Saigon street food paradise: where salt and chili reign

By Kim Thuy   July 4, 2016 | 05:00 pm PT
“No way, I've got to get this out of my mouth!”

- Don’t forget to buy me some 'banh mi' when you get back from work, I told my friend.

I arrived in Saigon on a hot July day. This was my very first visit to the city and I was aware that my sensitive stomach needed some time to get used to the food there, so I picked something “safe” for lunch after dropping my luggage at a friend’s house

I was confident with my “banh mi” choice, knowing that nothing bad could come from the popular specialty. The whole city was baking in the sun and I did not want to go out. I stayed inside an air conditioned room and enjoyed the cool temperature.

- Knock, knock

My friend finally arrived with some 'banh mi' to feed my hungry stomach.

I was eager to take the first bite, but I soon realized that I had made a huge mistake.

- No way. I've got to get this out of my mouth!

The chili in the 'banh mi' was burning my tongue. I gulped down all the water left in my bottle to extinguish the fire in my mouth. I had never tasted anything that hot before. And yes, following that experience, I knew I had to adapt to the city's food culture, where salt and chili reign.

In Hanoi, I usually have to ask the vendor for more chili. In Saigon, it became quickly obvious that chili is an indispensible part of almost every street food dish. There's definitely no need to ask for more, just make sure you ask them to hold back if you're not a fan of spicy food.

When Saigoneers eat 'pho', 'banh mi' or anything else, chili is never far away. When you ask for 'pho' or 'hu tieu', an additional small dish of vegetables and chili will also be served.


A bowl of 'hu tieu'. Photo by VnExpress/Kim Thuy

When you ask for 'banh khot', the sauce is usually full of chili.


'Banh khot' - Vietnamese mini savory pancakes with spicy sauce. Photo by VnExpress/Kim Thuy

Even when you eat 'rice' with Vietnamese dishes, it is cooked with a lot of chili.

Chili is everywhere.

It seems to me that Saigon’s always hot! Its weather is hot, and its food is even hotter, figuratively and literally.

Saigon’s hot food can be felt elsewhere in the country, and it is undeniable that its attraction partly comes from local creativity when it comes to combining different ingredients. Common, simple and cheap, even an experienced cook might overlook them when creating a new dish: salt and chili.

Together with the popular chili, salt helps many new dishes gain their place on the best-seller street food list.

I was amazed. In Hanoi, I have never tasted or even imagined that I would try something do salty and spicy.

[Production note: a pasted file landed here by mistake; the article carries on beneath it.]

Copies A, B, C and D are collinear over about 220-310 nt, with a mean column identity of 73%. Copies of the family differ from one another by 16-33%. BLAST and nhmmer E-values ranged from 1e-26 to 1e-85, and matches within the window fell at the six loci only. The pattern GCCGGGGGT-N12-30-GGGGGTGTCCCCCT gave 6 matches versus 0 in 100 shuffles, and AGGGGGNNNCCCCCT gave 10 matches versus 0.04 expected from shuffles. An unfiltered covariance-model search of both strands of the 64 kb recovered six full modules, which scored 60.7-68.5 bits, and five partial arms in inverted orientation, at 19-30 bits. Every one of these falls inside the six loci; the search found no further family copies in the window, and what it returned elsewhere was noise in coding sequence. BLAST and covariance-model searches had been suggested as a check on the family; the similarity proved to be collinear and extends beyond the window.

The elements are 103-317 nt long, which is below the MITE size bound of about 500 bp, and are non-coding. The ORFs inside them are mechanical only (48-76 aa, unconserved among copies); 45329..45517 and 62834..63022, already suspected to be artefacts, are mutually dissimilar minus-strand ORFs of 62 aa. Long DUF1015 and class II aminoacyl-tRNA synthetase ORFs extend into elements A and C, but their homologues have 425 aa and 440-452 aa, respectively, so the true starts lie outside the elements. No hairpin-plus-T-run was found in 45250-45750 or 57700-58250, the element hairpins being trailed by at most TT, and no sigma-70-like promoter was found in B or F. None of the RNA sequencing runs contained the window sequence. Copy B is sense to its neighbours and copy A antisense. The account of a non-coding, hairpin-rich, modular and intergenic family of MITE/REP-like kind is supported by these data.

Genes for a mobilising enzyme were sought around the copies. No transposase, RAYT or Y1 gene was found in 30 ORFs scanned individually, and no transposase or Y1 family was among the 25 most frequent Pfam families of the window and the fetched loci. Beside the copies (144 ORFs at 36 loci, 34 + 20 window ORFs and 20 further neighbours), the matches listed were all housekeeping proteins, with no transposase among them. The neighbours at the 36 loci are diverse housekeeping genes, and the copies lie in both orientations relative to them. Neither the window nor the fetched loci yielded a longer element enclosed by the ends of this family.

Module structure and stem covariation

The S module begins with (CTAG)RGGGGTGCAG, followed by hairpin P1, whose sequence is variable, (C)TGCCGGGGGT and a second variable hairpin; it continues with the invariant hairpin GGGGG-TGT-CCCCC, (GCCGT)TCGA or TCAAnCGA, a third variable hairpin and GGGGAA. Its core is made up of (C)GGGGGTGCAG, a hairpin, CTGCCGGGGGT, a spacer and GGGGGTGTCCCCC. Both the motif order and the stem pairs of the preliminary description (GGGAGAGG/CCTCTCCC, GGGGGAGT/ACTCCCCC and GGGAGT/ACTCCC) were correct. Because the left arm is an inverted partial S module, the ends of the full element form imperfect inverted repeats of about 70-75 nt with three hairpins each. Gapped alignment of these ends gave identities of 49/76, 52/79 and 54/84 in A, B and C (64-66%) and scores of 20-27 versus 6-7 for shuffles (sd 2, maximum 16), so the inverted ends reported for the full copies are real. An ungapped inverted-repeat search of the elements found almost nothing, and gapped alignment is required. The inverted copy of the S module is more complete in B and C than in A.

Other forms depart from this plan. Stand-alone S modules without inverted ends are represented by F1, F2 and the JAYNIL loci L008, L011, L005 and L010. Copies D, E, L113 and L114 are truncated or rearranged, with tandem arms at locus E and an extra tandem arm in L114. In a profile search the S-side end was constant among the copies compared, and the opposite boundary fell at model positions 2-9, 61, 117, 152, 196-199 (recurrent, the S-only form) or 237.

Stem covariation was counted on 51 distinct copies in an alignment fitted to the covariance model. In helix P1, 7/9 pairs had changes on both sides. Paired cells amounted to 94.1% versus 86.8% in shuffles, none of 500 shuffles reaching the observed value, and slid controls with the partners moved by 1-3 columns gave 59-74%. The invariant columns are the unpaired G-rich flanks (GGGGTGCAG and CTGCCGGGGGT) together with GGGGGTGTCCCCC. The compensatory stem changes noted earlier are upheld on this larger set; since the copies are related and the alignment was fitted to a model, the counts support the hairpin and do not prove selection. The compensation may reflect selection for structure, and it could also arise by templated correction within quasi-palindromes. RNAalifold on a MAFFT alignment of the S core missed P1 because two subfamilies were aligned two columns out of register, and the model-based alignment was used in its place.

Take chili salt grilled 'banh mi' for example.


The sauce that makes the 'bani mi' outstanding. Photo by VnExpress


Photo by VnExpress

This new version of 'banh mi' has been a hit since it made its debut, and local businesses have thrived on it since then with a variety of new recipes based on the perfect combination of chili and salt.

A number of other famous dishes have also been born using this simple combo and found a place in Saigoneers' hearts.

Mango shake, the sweet-n-sour marinated mango drink is no stranger to the Vietnamese, but a combination of salt, chili and sauce has people lining up for it.

With mango shake flying out of the door, people are looking to other fruit shakes such as plum, apple, pineapple and even mixed fruit. But they all have one thing in common that makes customers come back for more: chili and salt.

I lived in Saigon for some weeks and obviously, trying to get used to its spicy taste was one way for me to try its famous but cheap street food.

One day, my friend was surprised when I bought him and his family some chili fried seafood for dinner.

- Why? You cannot eat anything with chili?

- No choice. I want everyone to enjoy it. I know they cannot eat the dish without chili.

I did not eat much that evening, but I did enjoy the chili taste. It lingered on my tongue.

After finishing my work in Saigon, I returned to Hanoi and ordered 'banh mi' for breakfast as usual.

But it did not taste right. It seemed there was not enough chili on it. 

It was then I realized that the Saigon chili had got me hooked. My 'banh mi' now would be incomplete without some chili.

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